“You heard what he said to me?” she went on, quickly and vehemently. “You heard the words—but you don’t know what they meant—you don’t know why I threw down the pen and turned my back on him.” She rose in sudden agitation, and walked about the room. “I have kept many things from your knowledge, Marian, for fear of distressing you, and making you unhappy at the outset of our new lives. You don’t know how he has used me. And yet, you ought to know, for you saw how he used me to-day. You heard him sneer at my presuming to be scrupulous; you heard him say I had made a virtue of necessity in marrying him.” She sat down again; her face flushed deeply, and her hands twisted and twined together in her lap. “I can’t tell you about it, now,” she said; “I shall burst out crying if I tell you now—later, Marian, when I am more sure of myself. My poor head aches, darling—aches, aches, aches. Where is your smelling-bottle? Let me talk to you about yourself. I wish I had given him my signature, for your sake. Shall I give it to him, to-morrow? I would rather compromise myself than compromise you. After your taking my part against him, he will lay all the blame on you, if I refuse again. What shall we do? Oh, for a friend to help us and advise us!—a friend we could really trust!”
She sighed bitterly. I saw in her face that she was thinking of Hartright—saw it the more plainly because her last words had set me thinking of him, too. In six months only from her marriage, we wanted the faithful service he had offered to us in his farewell words. How little I once thought that we should ever want it at all!
“We must do what we can to help ourselves,” I said. “Let us try to talk it over calmly, Laura—let us do all in our power to decide for the best.”
Putting what she knew of her husband’s embarrassments, and what I had heard of his conversation with the lawyer, together, we arrived necessarily at the conclusion that the parchment in the library had been drawn up for the purpose of borrowing money, and that Laura’s signature was absolutely necessary to fit it for the attainment of Sir Percival’s object.
The second question, concerning the nature of the legal contract by which the money was to be obtained, and the degree of personal responsibility to which Laura might subject herself if she signed it in the dark, involved considerations which lay far beyond any knowledge and experience that either of us possessed. My own convictions led me to believe that the hidden contents of the parchment concealed a transaction of the meanest and the most fraudulent kind.
I had not formed this conclusion in consequence of Sir Percival’s refusal to show the writing, or to explain it; for that refusal might well have proceeded from his obstinate disposition and his domineering temper alone. My sole motive for distrusting his honesty, sprang from the change which I had observed in his language and his manners at Blackwater Park, a change which convinced me that he had been acting a part throughout the whole period of his probation at Limmeridge House. His elaborate delicacy; his ceremonious politeness, which harmonised so agreeably with Mr. Gilmore’s old-fashioned notions; his modesty with Laura, his candour with me, his moderation with Mr. Fairlie—all these were the artifices of a mean, cunning, and brutal man, who had dropped his disguise when his practised duplicity had gained its end, and had openly shown himself in the library, on that very day. I say nothing of the grief which this discovery caused me on Laura’s account, for it is not to be expressed by any words of mine. I only refer to it at all, because it decided me to oppose her signing the parchment, whatever the consequences might be, unless she was first made acquainted with the contents.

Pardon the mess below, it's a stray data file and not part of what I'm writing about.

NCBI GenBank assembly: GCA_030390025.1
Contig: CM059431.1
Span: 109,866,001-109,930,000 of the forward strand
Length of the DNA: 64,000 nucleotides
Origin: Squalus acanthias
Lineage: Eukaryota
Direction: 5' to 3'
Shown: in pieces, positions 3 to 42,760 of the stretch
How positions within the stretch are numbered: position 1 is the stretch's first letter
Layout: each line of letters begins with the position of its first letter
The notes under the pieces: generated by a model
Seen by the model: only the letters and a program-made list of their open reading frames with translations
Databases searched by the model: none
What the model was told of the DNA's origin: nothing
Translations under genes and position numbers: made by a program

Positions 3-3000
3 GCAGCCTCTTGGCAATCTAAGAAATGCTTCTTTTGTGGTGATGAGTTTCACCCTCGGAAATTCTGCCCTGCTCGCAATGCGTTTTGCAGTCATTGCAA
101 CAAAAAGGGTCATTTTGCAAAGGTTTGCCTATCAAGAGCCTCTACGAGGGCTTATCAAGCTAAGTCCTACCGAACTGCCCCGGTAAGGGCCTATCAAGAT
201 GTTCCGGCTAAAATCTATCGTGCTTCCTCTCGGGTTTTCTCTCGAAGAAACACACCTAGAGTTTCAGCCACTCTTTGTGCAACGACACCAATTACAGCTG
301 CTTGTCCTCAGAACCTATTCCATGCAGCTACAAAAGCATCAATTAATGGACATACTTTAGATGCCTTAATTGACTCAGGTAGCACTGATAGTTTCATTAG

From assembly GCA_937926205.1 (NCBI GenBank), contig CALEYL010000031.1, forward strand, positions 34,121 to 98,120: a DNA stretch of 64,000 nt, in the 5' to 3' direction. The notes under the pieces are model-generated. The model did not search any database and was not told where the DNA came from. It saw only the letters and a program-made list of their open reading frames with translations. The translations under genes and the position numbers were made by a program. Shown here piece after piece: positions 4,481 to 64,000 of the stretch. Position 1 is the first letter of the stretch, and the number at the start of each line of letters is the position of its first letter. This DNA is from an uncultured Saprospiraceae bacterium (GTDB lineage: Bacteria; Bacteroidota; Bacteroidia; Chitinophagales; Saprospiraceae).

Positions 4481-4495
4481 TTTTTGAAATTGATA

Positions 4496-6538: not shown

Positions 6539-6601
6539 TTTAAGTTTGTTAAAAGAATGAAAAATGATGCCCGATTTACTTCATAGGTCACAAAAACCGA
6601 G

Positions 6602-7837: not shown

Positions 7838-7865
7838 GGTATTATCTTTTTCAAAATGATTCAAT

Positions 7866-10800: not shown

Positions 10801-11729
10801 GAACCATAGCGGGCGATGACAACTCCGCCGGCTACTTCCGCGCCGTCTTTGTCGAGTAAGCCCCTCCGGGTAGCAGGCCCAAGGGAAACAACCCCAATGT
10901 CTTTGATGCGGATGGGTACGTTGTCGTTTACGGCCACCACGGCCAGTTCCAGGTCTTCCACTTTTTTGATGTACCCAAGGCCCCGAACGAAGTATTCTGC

Under these circumstances, the one chance for us, when to-morrow came, was to be provided with an objection to giving the signature, which might rest on sufficiently firm commercial or legal grounds to shake Sir Percival’s resolution, and to make him suspect that we two women understood the laws and obligations of business as well as himself.
After some pondering, I determined to write to the only honest man within reach whom we could trust to help us discreetly, in our forlorn situation. That man was Mr. Gilmore’s partner—who conducted the business, now that our old friend had been obliged to withdraw from it, and to leave London on account of his health. I explained to Laura that I had Mr. Gilmore’s own authority for placing implicit confidence in his partner’s integrity, discretion, and accurate knowledge of all her affairs; and, with her full approval, I sat down at once to write the letter.
I began by stating our position to him exactly as it was; and then asked for his advice in return, expressed in plain, downright terms which we could comprehend without any danger of misinterpretations and mistakes. My letter was as short as I could possibly make it, and was, I hope, unencumbered by needless apologies and needless details.
Just as I was about to put the address on the envelope, an obstacle was discovered by Laura, which, in the effort and preoccupation of writing, had escaped my mind altogether.
“How are we to get the answer in time?” she asked. “Your letter will not be delivered in London before to-morrow morning; and the post will not bring the reply here till the morning after.”
The only way of overcoming this difficulty was to have the answer brought to us from the lawyer’s office by a special messenger. I wrote a postscript to that effect, begging that the messenger might be despatched with the reply by the eleven o’clock morning train, which would bring him to our station at twenty minutes past one, and so enable him to reach Blackwater Park by two o’clock at the latest. He was to be directed to ask for me, to answer no questions addressed to him by any one else, and to deliver his letter into no hands but mine.
“In case Sir Percival should come back to-morrow before two o’clock,” I said to Laura, “the wisest plan for you to adopt is to be out in the grounds, all the morning, with your book or your work, and not to appear at the house till the messenger has had time to arrive with the letter. I will wait here for him, all the morning, to guard against any misadventures or mistakes. By following this arrangement I hope and believe we shall avoid being taken by surprise. Let us go down to the drawing-room now. We may excite suspicion if we remain shut up together too long.”